In 1830 Britain solved its ballooning trade deficit with China by flooding it with opium grown in Bengal. This sparked the first opium war. The Chinese were defeated by the British. Along with paying a large indemnity, Hong Kong was ceded to the British.

 

The first recognized authority and advocate for cocaine was world famous psychologist, Sigmund Freud. Early in his career, Freud broadly promoted cocaine as a safe and useful tonic that could cure depression and sexual impotence.

 

Cocaine got a further boost in acceptability when in 1886 John Pemberton included cocaine as the main ingredient in his new soft drink, Coca Cola. It was cocaine’s euphoric and energizing effects on the consumer that was mostly responsible for skyrocketing Coca Cola into its place as the most popular soft drink in history. Public pressure forced Coca Cola to remove cocaine in 1903.

 

Snorting cocaine became popular at the beginning of the century. Cocaine can also be injected intravenously as Sherlock Holmes used to do.

 

U.S. efforts to contain the spread of Communism in Asia involved forging alliances with tribes and warlords inhabiting the areas of the Golden Triangle, (an expanse covering Laos, Thailand and Burma), thus providing accessibility and protection along the southeast border of China. In order to maintain their relationship with the warlords while continuing to fund the struggle against communism, the U.S. and France supplied the drug warlords and their armies with ammunition, arms and air transport for the production and sale of opium. The result: an explosion in the availability and illegal flow of heroin into the United States and into the hands of drug dealers and addicts.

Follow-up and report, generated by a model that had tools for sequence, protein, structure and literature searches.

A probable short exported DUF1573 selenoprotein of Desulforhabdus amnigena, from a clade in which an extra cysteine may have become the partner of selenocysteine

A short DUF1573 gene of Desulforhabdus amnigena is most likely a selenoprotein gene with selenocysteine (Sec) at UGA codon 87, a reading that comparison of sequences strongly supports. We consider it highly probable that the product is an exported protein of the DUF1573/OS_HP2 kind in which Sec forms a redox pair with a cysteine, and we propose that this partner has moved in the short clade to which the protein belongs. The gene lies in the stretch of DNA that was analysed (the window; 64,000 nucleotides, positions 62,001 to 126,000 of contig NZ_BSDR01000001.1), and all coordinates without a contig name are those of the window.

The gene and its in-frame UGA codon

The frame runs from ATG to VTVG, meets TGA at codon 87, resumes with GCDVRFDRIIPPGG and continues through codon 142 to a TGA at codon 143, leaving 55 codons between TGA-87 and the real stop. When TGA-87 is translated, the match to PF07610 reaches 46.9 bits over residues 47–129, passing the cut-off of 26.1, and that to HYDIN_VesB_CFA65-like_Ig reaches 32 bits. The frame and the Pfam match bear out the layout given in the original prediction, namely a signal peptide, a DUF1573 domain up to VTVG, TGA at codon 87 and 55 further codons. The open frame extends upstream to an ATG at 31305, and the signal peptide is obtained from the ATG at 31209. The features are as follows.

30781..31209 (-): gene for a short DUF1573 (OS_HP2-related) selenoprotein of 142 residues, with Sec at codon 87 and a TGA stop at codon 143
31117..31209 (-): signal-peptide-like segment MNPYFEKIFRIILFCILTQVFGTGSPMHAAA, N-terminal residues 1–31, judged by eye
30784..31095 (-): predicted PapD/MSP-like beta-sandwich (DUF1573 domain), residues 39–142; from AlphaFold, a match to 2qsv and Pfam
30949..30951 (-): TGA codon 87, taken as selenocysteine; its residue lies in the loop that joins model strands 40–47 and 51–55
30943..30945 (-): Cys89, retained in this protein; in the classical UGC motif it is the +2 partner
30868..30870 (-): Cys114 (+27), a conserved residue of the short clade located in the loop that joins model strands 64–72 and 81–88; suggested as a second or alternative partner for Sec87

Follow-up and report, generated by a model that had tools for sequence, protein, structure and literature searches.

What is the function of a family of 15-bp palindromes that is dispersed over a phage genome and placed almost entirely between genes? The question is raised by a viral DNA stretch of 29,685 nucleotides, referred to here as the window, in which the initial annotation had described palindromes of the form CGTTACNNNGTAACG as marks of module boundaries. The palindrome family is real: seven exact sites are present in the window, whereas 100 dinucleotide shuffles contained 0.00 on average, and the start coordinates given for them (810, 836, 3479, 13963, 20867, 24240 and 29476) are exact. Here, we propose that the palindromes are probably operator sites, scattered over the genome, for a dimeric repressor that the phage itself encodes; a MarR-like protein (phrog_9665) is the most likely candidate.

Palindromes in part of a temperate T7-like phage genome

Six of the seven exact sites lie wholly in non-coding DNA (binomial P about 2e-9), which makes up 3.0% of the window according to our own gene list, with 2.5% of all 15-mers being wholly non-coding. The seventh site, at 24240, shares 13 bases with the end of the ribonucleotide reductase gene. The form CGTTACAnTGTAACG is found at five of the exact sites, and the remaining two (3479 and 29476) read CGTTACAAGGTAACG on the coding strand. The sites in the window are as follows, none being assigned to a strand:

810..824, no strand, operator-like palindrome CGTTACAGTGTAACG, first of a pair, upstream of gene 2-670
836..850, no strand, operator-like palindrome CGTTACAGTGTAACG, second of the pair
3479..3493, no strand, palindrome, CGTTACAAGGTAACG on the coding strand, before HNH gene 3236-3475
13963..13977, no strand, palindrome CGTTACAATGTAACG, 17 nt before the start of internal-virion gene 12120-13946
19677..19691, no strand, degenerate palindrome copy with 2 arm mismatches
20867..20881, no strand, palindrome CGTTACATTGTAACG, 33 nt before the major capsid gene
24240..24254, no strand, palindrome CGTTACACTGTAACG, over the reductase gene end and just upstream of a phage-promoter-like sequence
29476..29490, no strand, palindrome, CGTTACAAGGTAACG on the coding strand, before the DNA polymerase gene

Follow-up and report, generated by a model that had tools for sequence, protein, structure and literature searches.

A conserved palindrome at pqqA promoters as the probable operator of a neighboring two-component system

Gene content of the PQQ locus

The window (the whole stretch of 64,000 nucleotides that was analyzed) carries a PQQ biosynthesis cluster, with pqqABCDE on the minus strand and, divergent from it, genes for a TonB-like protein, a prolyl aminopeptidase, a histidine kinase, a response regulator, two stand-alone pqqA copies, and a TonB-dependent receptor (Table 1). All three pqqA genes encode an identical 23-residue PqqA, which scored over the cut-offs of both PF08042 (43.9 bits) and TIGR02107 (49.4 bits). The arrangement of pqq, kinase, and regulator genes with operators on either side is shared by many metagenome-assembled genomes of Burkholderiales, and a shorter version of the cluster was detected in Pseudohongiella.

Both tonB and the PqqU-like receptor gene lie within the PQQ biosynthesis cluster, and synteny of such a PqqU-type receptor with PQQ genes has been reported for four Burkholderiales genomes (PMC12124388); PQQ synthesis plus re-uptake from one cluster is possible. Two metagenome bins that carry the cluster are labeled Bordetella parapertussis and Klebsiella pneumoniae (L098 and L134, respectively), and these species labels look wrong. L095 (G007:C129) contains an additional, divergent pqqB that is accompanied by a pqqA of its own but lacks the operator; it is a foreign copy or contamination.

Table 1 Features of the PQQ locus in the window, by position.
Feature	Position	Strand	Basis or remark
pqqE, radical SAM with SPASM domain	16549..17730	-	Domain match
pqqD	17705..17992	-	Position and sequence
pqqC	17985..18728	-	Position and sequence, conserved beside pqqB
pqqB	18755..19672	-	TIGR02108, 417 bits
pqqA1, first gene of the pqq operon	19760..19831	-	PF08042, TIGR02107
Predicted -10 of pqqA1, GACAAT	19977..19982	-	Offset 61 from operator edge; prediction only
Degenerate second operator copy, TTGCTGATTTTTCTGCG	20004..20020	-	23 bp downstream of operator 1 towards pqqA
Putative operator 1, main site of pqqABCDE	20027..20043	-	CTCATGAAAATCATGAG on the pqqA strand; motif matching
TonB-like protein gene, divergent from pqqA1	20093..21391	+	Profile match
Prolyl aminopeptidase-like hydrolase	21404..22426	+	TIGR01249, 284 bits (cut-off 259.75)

It is possible to get high by licking a toad. The Cane Toad produces a toxin called bufotenine to ward off predators. When licked, this toxin acts as a hallucinogen.

 

In 2005 a study of Content Analysis of References to Substance Abuse in Popular Music  was carried out by Brian A. Primack of the University of Pittsburgh School of Medicine. His team analysed Billboard magazine’s 279 most popular songs of that year. The researchers noted every mention of substance use in pop, rock, R&B/hip-hop, country and rap songs and they also looked within each genre to determine motivations for, associations with and consequences of drug, alcohol, and tobacco use. Their results included:

 

41.6% of songs had a substance use reference of any kind.

33.3% contained explicit substance use references

 

One or more references to substance use were found in:

3 of 35 pop songs (9%)

9 of 66 rock songs (14%)

11 of 55 R&B/hip-hop songs (20%)

22 of 61 country songs (36%)

48 of 62 rap songs (77%)

 

2.9% of the 279 songs portrayed tobacco use

23.7% depicted alcohol use

13.6% depicted marijuana use

11.5% depicted other or unspecified substance use


My media week 19/04/09

April 17, 2009

ABC’s All in the Mind has been running a series of interviews with the 89-year-old Professor Emeritus of Psychiatry, Thomas Szasz, who comes from Hungary, and has one of those Slavoj Zizek over-the- top accents and is equally opinionated. Szasz, a libertarian maverick, who was the author of The Myth of Mental Illness, believes we live in a therapeutic state— what he calls a ‘pharmacracy’—and that psychiatry is a ‘pseudoscientific racket’. There are three programmes – the first two are an interview with Szasz and the final programme had psychiatrists responding to the accusations.

Interview Part 1 of 2

Interview Part 2 of 2

Thomas Szasz – Psychiatrists respond

 

Richard A. Posner, a judge and also a senior lecturer at the University of Chicago Law School analyses Why the Economic Crisis Was Not Anticipated in this article from the Chronicle of Higher Education.

 

White-collar fraudster Bernie Madoff has been called a range of nasty names — from the Dickensian “scoundrel” to the clinically cruel “sociopath.” In this audio linguist Geoff Nunberg considers the proper terminology for condemning Madoff. Madoff: A Scoundrel Or A Sociopath?.

 

In this article Robert Higgs takes a critical look at the role of the Fed and its chairman in the current financial crisis

Give Bernanke Credit—For Chutzpah.

 

This article from Wired is about how YouTube is becoming more mainstream. YouTube Edges Cautiously From Grassroots Toward Hollywood